“My understanding of life is that education’s the ticket, especially if it’s matched with encouragement and vision,” says Edyth Phillips, M.D., Res. ’67. It’s a lesson she learned from her own boosters: first, the college advisor who urged her to consider medicine, then from her college roommate’s father, a surgeon, who loaned her the tuition for medical school.
Phillips initially refused the loan, worried that she might be unable to pay him back — but then he wrote her a note. “I want to invest in you,” he said.
Some 50 years later, Philips decided to make a similar investment, one that will support global mental health work and education in Malawi.
Phillips was familiar with global health from her medical-school days. Her alma mater, the Loma Linda University School of Medicine, sent her abroad. “I spent one summer at a mission hospital in northern Mexico, and two other summers I spent a month in Chiapas,” she says. She and her colleagues used marionettes to illustrate good health practices, like boiling water for drinking and food preparation.
After a psychiatry residency at UW Medicine, Phillips married, practiced at Seattle Children’s, raised a family and eventually started a private practice, celebrating 50 years of service in 2017. Recently, her interest in global health was piqued once again, this time by the Department of Psychiatry and Behavioral Sciences at UW Medicine.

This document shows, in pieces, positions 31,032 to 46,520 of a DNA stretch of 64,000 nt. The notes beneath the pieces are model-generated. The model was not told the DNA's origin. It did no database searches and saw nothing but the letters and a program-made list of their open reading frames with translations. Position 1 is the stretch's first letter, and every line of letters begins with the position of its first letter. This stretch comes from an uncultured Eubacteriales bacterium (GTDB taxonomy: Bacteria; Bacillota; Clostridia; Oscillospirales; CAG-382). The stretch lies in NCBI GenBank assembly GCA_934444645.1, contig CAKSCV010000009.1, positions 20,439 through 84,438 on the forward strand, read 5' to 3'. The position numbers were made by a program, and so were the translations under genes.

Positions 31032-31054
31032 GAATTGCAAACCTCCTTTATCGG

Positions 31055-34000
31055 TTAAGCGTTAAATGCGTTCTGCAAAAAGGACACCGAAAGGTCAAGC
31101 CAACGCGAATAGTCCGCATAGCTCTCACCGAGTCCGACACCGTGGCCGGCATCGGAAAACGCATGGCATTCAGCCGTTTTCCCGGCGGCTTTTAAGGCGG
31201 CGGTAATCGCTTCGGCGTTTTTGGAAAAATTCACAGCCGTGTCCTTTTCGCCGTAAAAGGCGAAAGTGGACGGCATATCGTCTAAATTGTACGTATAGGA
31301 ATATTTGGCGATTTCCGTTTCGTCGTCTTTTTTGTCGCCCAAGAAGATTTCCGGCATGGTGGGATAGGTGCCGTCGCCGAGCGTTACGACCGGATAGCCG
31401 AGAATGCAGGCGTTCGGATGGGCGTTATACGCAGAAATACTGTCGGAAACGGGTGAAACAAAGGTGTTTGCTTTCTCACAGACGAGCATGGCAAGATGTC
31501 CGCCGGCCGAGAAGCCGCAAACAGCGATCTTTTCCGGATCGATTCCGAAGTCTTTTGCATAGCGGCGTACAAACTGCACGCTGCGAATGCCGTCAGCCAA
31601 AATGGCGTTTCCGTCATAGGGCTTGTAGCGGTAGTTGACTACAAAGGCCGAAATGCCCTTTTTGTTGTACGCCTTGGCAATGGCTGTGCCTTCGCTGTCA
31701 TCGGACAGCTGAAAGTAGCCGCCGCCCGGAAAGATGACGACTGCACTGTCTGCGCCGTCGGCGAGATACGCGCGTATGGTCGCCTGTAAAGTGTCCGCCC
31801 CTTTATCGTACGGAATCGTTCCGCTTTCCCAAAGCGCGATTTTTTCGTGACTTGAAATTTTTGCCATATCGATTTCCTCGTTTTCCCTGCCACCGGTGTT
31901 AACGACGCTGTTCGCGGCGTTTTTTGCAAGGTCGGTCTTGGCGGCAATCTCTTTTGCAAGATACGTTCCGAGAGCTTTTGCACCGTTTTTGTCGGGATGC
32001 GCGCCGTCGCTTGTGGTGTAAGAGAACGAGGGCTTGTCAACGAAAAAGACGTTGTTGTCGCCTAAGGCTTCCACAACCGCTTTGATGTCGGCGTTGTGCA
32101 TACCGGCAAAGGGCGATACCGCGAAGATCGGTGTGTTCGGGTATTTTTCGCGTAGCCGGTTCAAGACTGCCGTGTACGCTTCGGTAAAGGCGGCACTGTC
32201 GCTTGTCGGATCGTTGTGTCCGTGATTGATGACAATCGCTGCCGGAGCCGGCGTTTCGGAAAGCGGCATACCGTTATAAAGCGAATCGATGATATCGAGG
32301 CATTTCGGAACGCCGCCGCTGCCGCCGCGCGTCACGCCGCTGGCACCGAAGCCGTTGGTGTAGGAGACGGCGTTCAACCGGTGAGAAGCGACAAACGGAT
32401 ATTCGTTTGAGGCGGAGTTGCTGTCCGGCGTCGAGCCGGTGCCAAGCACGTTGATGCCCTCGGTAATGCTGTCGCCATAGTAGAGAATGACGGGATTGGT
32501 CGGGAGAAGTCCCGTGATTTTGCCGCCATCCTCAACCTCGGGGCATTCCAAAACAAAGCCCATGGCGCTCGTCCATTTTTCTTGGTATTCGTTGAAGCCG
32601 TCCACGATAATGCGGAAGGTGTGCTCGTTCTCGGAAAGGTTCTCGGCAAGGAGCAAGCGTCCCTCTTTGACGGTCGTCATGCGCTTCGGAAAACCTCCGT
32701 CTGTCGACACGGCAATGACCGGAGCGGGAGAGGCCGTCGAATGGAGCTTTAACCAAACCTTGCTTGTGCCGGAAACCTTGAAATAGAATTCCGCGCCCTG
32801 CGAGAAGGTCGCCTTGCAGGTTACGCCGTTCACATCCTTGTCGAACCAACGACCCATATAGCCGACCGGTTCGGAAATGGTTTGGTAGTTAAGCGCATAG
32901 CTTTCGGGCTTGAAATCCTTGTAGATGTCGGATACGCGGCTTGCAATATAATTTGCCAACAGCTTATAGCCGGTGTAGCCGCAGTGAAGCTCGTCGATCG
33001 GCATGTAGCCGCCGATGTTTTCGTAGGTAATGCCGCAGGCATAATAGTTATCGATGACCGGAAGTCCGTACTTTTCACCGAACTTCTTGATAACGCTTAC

One of the department’s projects focuses on school-age girls in northern Malawi, a country where parents are raising the first generation of schoolchildren and where poverty and family stress disrupt education. Most girls complete only one or two years of school. In partnership with Saint John of God College of Health Sciences in northern Malawi, UW Medicine is helping promote equity by teaching parents how to address children’s emotional health needs and creating positive parenting resources for parents and educational resources for communities so they can support children’s success in school.
“That really touched me,” Phillips says. “My mother was a daughter of Swedish immigrants, and by ninth grade, she had to leave school. She had to work as a maid to help the family finances.” Helping young girls gain access to education — and the opportunities that come with it — seemed like the perfect way to make a difference.
“This world needs all of us to invest in others,” she says.